This special issue of JNR will seek to explore the slippery notion of the ‘will’ and its various semantic permutations in the context of such issues as subjectivity, power, logic, desire, freedom, volition, wit, wisdom, theology and metaphysics. One of its main purposes is to investigate what power and signifying force ‘the will’ possesses, as well as its limitations, and to locate this concept within the aesthetic, political, theological, philosophical and ideological traditions that informed early modern literature and culture.
The issue builds on a symposium held at the University of Strathclyde, and will be guest-edited by Alison Thorne; however, for this issue JNR also welcomes further submissions around this theme.
The semantic slipperiness of will fascinated the Renaissance: in all manner of texts of the period we find ‘Will too boote, and Will in over-plus’. The structural conceit of the opening lines of John Donne’s poem, ‘The Will’, exemplifies a key thematic construct to be found in much early modern literature and a prevalent intellectual thread in the culture from which this literature emerges: ‘Before I sigh my last gasp, let me breath / Great Love, some legacies’. This poem – this willed enactment of the speaker’s last will and testament to the world he will shortly leave behind – encapsulates the polyvocal qualities of the human ‘will’ and all that it signifies. The rich intellectual legacy of the European Renaissance that we, as critics and researchers, struggle to understand is constructed from the physical and literary legacies that writers such as Donne, Erasmus, Calvin, Elizabeth I, Marlowe, Middleton and others have bequeathed us. It is from these legacies of authorial ‘will’ that our very idea of what represents or constitutes the early modern period is shaped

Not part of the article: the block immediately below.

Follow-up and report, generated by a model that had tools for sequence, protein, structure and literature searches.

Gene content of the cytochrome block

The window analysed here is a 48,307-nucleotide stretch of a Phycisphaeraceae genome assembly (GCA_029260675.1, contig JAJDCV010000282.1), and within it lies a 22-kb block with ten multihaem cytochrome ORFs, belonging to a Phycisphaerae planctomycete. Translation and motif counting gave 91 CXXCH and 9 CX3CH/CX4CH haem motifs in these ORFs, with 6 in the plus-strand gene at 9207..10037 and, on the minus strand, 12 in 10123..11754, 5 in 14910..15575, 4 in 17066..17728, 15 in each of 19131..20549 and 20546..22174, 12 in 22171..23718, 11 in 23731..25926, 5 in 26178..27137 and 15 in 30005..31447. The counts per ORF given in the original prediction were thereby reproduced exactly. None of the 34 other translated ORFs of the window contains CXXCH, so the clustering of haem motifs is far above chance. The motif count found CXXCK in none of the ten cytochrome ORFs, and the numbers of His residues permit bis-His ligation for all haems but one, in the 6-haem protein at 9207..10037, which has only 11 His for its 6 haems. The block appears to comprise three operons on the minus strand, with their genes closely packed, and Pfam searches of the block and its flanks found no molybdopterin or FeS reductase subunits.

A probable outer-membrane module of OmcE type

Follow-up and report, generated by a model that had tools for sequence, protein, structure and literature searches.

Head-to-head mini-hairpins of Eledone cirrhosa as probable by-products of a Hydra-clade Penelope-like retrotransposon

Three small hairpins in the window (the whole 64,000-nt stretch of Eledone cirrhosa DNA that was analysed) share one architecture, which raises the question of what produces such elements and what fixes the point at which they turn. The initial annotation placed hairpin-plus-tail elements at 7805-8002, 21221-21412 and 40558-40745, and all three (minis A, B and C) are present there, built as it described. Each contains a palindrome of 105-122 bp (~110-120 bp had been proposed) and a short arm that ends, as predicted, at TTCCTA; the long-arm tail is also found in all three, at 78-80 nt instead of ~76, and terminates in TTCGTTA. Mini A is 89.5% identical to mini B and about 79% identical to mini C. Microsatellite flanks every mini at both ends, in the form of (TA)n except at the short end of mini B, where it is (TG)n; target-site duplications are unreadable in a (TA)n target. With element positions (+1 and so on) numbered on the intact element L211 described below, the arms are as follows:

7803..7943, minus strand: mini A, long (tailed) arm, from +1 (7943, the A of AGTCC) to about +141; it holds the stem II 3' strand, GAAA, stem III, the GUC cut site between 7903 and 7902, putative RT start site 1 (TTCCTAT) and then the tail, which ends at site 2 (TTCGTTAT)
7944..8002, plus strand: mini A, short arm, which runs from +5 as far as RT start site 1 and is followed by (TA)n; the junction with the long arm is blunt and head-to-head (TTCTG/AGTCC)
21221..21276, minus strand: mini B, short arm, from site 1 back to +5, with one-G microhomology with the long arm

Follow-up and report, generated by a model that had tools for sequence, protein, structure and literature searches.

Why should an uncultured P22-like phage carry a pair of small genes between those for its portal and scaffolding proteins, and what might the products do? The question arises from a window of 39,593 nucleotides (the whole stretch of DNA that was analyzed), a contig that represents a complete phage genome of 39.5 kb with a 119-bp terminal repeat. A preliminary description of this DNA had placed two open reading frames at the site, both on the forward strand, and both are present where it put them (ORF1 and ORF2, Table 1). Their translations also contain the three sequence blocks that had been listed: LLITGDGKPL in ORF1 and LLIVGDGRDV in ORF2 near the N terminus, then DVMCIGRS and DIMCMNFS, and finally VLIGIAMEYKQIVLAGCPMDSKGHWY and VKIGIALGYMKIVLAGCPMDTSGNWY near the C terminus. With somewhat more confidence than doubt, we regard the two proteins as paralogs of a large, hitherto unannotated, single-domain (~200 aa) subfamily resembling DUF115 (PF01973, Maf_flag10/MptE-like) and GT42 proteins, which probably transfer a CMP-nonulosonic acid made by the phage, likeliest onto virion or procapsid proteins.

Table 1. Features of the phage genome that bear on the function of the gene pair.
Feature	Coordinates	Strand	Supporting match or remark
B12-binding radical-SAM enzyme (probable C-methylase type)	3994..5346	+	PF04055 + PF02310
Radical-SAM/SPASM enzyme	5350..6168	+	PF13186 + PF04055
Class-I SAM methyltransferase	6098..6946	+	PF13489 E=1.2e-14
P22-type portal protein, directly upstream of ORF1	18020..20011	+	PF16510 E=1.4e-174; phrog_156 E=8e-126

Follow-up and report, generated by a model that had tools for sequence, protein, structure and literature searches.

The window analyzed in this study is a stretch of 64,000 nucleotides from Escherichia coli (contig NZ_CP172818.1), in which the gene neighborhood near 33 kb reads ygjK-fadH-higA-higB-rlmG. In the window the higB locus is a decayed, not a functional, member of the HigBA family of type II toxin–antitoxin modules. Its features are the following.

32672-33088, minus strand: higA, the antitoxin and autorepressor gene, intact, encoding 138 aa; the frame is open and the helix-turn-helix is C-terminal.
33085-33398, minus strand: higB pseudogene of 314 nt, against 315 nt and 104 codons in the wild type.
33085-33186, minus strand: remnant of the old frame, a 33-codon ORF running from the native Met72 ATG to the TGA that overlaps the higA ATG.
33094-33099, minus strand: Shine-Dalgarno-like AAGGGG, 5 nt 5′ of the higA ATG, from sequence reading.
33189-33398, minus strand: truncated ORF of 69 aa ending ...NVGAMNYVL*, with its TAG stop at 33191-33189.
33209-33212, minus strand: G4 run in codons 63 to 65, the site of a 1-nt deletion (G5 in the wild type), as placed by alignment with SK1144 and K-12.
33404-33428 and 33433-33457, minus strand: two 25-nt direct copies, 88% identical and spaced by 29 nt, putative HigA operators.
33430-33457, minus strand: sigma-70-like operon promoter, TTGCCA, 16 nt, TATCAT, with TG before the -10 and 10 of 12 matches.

We would welcome papers of up to 8,000 words on the ‘will’ in the northern Renaissance. Topics might include (but are not limited to):
Will as desire or volition: willfulness; will as voluntas; will as membrum pudendum, male or female; possession of one’s will; excessive willing, transgressive will.
Theological and philosophical wills: freedom of the will; the negation or undoing of the will; will as futurity; theological debates on the relationship between ‘will’ and ‘fate’.
Literary and legal wills: the exercise or abdication of authorial will or intentionality; will as testament; framing legal wills; the interplay between ‘wit’ and ‘will’; Will as a proper name and authoritative mark.
Preliminary enquiries are welcome, and should be addressed to firstname.lastname@example.org Expected date of publication October 2012.
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